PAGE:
A Haunting In Venice: A killer whodunit that stays with you
A Haunting In Venice (PG13)
103 minutes, opens on Thursday
An ensemble cast, solid source material, an elaborate set shrouded in creepiness, and masterful cinematography that ramps up the spook factor – A Haunting To Venice has all the ingredients to succeed. And it does.
Based on the 1969 novel Hallowe'en Party by Agatha Christie, the film sees renowned detective Hercule Poirot reluctantly leaving retirement and springing back into action after attending a seance gone awry. What follows is a menacing tale of murder and mystery, set within the confines of a foreboding mansion filled with potential suspects.
The movie showcases serene and picturesque glimpses of Venice, before seamlessly transitioning into the gothic and ominous palazzo. This shift in tone is both striking and artful, effectively immersing the audience into the dark and unsettling world of the story.
Director-actor Kenneth Branagh reprises his iconic role as Poirot, thrust into a race against time to unravel a web of deceit and seemingly impossible deaths. Joining him is a star-studded cast featuring Jamie Dornan, Tina Fey, Kelly Reilly and Michelle Yeoh. Everyone delivers compelling performances, with Yeoh's portrayal of a medium standing out as particularly exceptional.
Taut with tension and suspense, A Haunting To Venice expertly navigates the classic whodunit formula with a vibrant cast of suspects, each harbouring their own secrets. The audience is kept on the edge of their seats and theories abound as the plot unfolds and stakes get higher. Alongside the gripping mystery are poignant emotional moments, demonstrating Branagh's ability to capture the human essence within a thrilling narrative.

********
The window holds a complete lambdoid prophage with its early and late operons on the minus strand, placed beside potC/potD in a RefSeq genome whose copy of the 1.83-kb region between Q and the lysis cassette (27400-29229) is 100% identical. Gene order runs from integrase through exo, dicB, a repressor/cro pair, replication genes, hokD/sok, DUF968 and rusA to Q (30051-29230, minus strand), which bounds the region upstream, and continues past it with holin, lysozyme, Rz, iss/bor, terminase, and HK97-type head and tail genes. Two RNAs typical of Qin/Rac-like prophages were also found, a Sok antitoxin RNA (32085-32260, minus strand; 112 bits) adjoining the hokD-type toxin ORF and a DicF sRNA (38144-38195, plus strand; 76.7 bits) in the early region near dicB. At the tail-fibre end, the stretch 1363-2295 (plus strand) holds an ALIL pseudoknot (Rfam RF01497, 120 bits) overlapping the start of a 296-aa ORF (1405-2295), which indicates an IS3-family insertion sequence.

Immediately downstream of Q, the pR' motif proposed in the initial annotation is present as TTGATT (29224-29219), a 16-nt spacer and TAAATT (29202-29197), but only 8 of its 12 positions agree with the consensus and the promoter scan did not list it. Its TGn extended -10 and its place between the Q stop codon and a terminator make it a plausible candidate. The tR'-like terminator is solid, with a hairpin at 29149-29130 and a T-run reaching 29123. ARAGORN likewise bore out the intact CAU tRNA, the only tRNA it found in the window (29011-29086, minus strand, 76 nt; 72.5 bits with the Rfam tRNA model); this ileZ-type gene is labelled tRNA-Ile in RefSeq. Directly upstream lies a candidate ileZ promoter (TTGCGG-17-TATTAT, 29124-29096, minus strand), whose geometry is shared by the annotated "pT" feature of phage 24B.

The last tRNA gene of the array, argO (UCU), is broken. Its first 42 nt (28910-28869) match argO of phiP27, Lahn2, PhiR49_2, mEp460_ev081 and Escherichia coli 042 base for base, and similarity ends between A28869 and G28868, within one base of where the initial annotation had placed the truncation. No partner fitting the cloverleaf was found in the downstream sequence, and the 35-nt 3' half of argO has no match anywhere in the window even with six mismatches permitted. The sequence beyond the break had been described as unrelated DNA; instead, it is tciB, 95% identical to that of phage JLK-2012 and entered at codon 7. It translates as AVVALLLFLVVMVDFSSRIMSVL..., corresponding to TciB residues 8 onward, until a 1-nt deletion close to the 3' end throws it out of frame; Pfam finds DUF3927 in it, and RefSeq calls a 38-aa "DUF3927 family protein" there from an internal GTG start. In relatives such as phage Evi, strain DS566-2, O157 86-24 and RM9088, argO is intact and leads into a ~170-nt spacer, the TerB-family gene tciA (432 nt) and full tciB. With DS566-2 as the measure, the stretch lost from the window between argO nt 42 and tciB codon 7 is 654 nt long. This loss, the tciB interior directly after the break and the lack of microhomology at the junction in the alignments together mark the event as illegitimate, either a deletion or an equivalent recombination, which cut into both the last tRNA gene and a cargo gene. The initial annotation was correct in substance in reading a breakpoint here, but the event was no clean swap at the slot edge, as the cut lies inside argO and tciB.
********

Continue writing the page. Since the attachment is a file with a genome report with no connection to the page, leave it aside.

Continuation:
Is there truly a killer on the loose or is something far more sinister at play? That’s the central question that lingers throughout. The film goes beyond being a mere murder conundrum; it also skilfully paints a haunting portrait of grief, loss, fear, love, the ghosts we cannot hide from, and all the fine lines in between.
A Haunting in Venice is Branagh's third Hercule Poirot movie after Death on the Nile (2022) and Murder on the Orient Express (2017) – and also the best. A captivating whodunit boosted by an evocative setting and stellar cast performances, it is a cinematic experience that not only keeps viewers guessing until the very end, but also leaves us haunted by its themes long after the credits roll.